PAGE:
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Study finds South is not making people fat
MISSISSIPPI STATE – Seven states with the country’s highest obesity rates are in the South, but this issue that causes health problems such as diabetes and heart conditions cannot be blamed simply on Southern roots.
A study by the Southern Rural Development Center headquartered at Mississippi State University found that simply living in a region does not lead to obesity. In “The South Does Not Make You Fat: A study of nutrition, food security and obesity,” researchers found that minorities and lower-income groups have higher obesity rates.
“They find that the likelihood of being overweight or obese does not significantly differ across regions of the country after accounting for income, age, race-ethnicity and education,” the report stated.
The authors analyzed data from the Deep South -- Mississippi, Arkansas, Louisiana, Georgia, Alabama, Tennessee and South Carolina. They found that body mass index, or BMI, and obesity rates were higher in the Deep South than elsewhere, but these differences disappeared once factors such as age, income and race-ethnicity were considered.
“Low income, for example, is a better predictor of being overweight or obese for women than living in the South, as is being black or Hispanic,” the report stated. “The Deep South, in particular, has higher minority populations and more low income individuals than other regions of the country.”
The study looked at diet quality measured by whether individuals conform to federal dietary guidelines for grains, vegetables, dairy, meat and fruits. It also measured fat, saturated fat, cholesterol and sodium, as well as variety of diet. Activity level was self-reported, and the study also accounted for cigarette smoking and alcohol consumption.
Other studies have speculated that food insecurity, or uncertainty about the availability of sufficient food, can lead to obesity as those experiencing periodic food shortages respond by overeating when food is available. However, this explanation did not appear to be true in the population examined in the South.
The study found no link between food insecurity and obesity for women, but it did find men facing food insecurity have a lower BMI when the other factors are taken into account.
One finding was clear even after factors such as income, age and diet were factored in.
“Being a black woman was a significant predictor of higher BMI,” the study found. “Being a black man, in contrast, had no such effect. There was no effect of being Hispanic on BMI either for men or women.”
Brent Fountain, a human nutrition specialist with the MSU Extension Service, said the report confirmed speculation that among obesity’s many factors are genetics and environment, which includes dietary quality, physical activity and access to food.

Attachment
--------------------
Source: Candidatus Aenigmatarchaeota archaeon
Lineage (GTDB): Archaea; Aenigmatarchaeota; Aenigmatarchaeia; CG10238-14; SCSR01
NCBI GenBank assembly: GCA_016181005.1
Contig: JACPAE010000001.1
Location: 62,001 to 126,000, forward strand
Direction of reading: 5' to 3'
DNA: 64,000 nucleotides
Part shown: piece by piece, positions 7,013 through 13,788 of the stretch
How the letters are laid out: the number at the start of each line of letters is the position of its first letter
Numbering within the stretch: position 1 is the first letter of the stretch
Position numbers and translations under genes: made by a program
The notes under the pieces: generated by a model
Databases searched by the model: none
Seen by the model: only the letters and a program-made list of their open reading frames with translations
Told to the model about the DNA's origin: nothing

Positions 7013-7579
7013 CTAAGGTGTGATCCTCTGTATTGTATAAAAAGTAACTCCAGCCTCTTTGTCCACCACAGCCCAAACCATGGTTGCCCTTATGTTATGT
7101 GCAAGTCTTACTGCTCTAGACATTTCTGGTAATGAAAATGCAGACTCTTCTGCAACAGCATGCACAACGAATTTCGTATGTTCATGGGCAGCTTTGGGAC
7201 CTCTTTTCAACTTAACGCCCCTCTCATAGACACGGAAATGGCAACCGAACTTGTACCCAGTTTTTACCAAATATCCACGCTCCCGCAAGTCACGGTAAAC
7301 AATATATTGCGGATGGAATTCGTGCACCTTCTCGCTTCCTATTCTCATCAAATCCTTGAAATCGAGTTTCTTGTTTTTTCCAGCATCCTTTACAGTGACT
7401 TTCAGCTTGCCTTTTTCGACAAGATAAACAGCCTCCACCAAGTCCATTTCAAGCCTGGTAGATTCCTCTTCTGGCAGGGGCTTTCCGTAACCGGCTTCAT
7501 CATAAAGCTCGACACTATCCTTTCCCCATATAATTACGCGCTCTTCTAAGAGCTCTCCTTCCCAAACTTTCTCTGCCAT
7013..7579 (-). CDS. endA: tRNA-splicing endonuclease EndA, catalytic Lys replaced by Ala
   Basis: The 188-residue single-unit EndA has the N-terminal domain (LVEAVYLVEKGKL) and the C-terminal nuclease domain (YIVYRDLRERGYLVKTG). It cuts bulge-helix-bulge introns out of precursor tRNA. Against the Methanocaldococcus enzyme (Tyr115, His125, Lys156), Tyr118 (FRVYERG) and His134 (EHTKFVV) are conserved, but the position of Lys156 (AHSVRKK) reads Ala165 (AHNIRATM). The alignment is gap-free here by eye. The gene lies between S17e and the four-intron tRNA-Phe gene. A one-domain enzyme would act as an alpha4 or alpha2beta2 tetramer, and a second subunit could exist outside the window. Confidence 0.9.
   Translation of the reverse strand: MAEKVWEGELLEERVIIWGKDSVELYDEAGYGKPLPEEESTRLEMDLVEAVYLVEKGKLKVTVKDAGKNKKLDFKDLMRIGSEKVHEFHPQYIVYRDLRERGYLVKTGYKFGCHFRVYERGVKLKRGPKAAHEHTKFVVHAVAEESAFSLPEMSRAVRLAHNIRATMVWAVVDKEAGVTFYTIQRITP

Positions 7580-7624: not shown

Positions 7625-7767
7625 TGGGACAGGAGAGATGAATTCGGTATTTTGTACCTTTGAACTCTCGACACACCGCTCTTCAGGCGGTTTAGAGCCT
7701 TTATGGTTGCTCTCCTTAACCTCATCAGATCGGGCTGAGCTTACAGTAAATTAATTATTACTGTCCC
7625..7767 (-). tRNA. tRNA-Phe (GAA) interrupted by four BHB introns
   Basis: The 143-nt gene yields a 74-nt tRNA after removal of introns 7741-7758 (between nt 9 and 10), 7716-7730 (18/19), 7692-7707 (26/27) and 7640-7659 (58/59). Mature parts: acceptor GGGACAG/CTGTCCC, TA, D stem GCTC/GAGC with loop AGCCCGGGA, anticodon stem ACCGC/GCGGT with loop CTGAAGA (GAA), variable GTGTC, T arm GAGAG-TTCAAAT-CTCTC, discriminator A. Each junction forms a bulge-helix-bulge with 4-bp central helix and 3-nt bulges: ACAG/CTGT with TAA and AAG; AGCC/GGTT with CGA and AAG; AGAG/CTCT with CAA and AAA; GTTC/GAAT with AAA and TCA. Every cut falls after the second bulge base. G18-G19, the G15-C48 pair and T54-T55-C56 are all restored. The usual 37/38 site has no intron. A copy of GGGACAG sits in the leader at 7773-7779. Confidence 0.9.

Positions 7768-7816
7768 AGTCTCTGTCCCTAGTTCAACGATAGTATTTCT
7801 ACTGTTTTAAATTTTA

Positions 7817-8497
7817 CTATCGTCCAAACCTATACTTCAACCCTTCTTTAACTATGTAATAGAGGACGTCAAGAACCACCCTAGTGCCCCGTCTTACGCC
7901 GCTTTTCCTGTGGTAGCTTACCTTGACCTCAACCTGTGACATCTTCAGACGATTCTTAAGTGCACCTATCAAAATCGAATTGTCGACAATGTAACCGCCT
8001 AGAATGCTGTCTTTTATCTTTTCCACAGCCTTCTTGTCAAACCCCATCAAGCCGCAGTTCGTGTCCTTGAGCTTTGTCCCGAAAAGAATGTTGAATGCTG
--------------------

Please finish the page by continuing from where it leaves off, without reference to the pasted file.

“Poverty is an issue we deal with in the Deep South. When you compare per capita income in these states, we’re a lot lower than the national average,” Fountain said. “Poverty and income levels affect nutrition.”
Fountain said food choices are governed by what is acceptable, available and affordable.
“In those areas where the nearest grocery store is maybe many miles away, options become convenience stores, which don’t have a lot of shelf space or storage to offer fresh fruit and vegetables,” Fountain said. “If the food is too expensive, people can’t buy it even if it is available and they find it acceptable.”
Recent studies have noted that high-calorie foods and calorie-laden soft drinks cost less than healthier options, including fresh fruits and vegetables, dairy products and fresh meat. Menus at fast-food restaurants include many inexpensive options, making it easy to access high-calorie foods rather than healthy foods.
Fountain suggested those wanting to make a change to improve eating habits should begin by keeping a journal of the foods they are consuming.
“We may think we know what we’re eating, but we often forget about some of the things we consume,” Fountain said. “When you begin tracking your foods, don’t worry about amounts, but write down what you eat and drink at meals and in between.”
Examine this food diary to find where changes can be made. If days pass without eating fruits or vegetables, try to incorporate these into daily meals. Set a goal to eat fruits and vegetables a certain number of days a week.
“Where can you make the change, and can it be sustainable?” Fountain asked. “If you see a glaring omission, try to start by correcting that. Can you switch from white bread to whole grain or from whole milk to a lower-fat variety? Those used to having meat at every meal could consider a dish with meat and beans, or use chicken or fish instead of beef.”
The pay-off for making these changes is big. The study said obesity costs the nation in increased jet fuel used, wider revolving doors and bigger movie seats, among other accommodations for larger-sized people.
“Some estimates put the cost of Americans’ expanding waistlines at $90 billion a year in increased medical spending,” the report stated.
Fountain said Americans are living longer, thanks in large part to improved medicine, so quality of life is becoming a big issue.
“We may or may not live longer, but the longer we consume a healthy diet, our quality of life certainly improves,” Fountain said. “Medicine may help people with certain chronic illnesses live a long life, but is it a quality, productive life? A better diet leads to a better quality of life.”
Find the complete Southern Rural Development Center report, part of the Economic Research Service’s Research Innovation and Development Grants in Economics program, online at http://srdc.msstate.edu/opportunities/ridge/foodassistance.html. The SRDC is funded by the National Institute of Food and Agriculture, U.S. Department of Agriculture.